At the end of my 3rd grade year, my parents got divorced and my mother, my two sisters and I moved into a two-bedroom apartment behind Pennington Field. My mother, in an effort to provide both our needs and some of our wants began to work three jobs causing her to be out of the home every day and most nights. When the summer ended, my oldest sister went away to college and my other sister began her 8th grade year at Central Junior High by being very involved in Athletics. What this meant for me, is that I was walking home from Bell Manor on my own for the first time. For the most part, this was great to me. I’d get home and turn on my favorite cartoons with no one to be annoyed by them. I could sneak a snack out of the fridge and have some “me time.” However, one day, I came home to a much less inviting situation.

I walked home, as usual, from school one day only to discover that our house had been robbed. I didn’t understand what had happened but as I explained the mess to my mother, she came to understand that there had most certainly been a theft. We didn’t really know anyone in the apartment complex, so there was nowhere for me to go. My mom was, of course, terrified. Her youngest child was now going to be coming home, alone, to an environment that no longer felt safe. No matter how many locks we added, our house was no longer a safe haven.

My fourth grade teacher was a remarkable woman named Mrs. Osborne. She was kind, and funny, and caring. She would make faces at us when we were taking spelling tests so that we didn’t stress out so much over such a little assignment. She had taken French when she was in school and had been unable to use it. As a result, she decided to tell us that if we didn’t know the answer to a question, and we wrote, “Je Ne Sais Pas” in the answer blank, we would get a couple of points of credit. She made the classroom a fun place, while challenging us.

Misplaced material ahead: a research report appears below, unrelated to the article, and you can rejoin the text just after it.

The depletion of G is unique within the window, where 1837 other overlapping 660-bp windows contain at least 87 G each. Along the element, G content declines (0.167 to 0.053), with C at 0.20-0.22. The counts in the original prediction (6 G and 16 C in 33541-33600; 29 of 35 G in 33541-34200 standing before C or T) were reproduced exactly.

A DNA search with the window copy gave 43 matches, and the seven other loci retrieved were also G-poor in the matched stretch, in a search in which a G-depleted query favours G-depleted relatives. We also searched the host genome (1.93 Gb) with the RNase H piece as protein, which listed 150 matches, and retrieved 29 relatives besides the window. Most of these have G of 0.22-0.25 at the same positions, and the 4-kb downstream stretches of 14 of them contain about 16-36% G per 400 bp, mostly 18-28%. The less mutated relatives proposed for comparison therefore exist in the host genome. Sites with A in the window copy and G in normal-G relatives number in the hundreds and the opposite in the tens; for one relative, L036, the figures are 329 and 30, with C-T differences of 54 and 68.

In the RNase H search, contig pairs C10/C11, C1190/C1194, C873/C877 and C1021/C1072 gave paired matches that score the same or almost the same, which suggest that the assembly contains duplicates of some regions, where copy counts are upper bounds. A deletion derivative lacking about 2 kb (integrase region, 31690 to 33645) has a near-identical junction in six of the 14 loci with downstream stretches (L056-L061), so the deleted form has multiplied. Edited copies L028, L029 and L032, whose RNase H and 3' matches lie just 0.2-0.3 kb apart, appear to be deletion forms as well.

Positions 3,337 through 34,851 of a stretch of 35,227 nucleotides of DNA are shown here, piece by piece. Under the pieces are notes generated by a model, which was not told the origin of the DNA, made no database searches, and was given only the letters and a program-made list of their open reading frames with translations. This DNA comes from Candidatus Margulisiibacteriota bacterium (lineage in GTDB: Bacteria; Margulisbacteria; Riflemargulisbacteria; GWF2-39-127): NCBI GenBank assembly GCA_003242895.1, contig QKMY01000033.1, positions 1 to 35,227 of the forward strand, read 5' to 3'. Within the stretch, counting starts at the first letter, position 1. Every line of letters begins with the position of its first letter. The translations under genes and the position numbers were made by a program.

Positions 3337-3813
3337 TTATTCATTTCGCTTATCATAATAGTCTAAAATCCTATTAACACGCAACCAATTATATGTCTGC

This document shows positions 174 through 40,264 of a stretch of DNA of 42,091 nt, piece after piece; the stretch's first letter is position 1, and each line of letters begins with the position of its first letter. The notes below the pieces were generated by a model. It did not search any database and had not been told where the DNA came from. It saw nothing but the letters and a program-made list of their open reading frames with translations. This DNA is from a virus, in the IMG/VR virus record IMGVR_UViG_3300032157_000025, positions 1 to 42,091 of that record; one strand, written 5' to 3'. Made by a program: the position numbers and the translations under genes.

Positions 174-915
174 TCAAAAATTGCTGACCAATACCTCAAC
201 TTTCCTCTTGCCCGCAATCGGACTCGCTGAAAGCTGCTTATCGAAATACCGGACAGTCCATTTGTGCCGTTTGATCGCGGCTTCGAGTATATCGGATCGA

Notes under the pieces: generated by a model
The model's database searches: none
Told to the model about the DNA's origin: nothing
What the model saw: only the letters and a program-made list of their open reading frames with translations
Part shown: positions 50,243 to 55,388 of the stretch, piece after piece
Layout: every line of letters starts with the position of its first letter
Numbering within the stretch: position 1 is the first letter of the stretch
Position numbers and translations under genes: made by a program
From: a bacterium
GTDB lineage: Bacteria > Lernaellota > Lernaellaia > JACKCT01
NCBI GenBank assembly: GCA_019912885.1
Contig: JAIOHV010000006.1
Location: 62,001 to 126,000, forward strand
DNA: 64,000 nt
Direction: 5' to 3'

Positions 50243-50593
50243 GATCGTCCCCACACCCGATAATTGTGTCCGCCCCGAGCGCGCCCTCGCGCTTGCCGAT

When Mrs. Osborne heard what had happened, she offered a very kind option to my mother. She told my mother that she would be willing to keep an eye on me until Mom could get off of work and come pick me up. After all, she had to be up at the school grading papers anyway. So after school everyday, she would keep me safe and I would help clean up the room and grade papers. She would take me over to a little teacher’s lounge area and buy me a Diet Dr. Pepper every day, which was such a nice treat. Anyone who knows me knows that I have a special place in my heart for Dr. Pepper and I think this might just be where it all started.

That’s not all that Mrs. Osborne did for me. I’ve always been a voracious reader and my favorite times of the year were when the Scholastic book fairs would come to our school. That is probably why, when she heard that I didn’t have a public library card, Mrs. Osborne loaded me into her car (with my mom’s permission of course) and took me over to the Bedford Public Library so that I could get my very first Bedford Public Library card. My hunger for reading was only increased exponentially as a result.

Mrs. Osborne, made me feel safe and special. She helped me to see how wonderful a story could be to those who can get lost in them. She went above and beyond. Years later, when I decided to go back to college in my mid-20’s I was thinking of her. I knew that I wanted to be a great teacher like Mrs. Osborne. I wanted to make an impact on a child – to help them to understand that they have value and are special and to help them fall in love with books. Mrs. Osborne changed my life.

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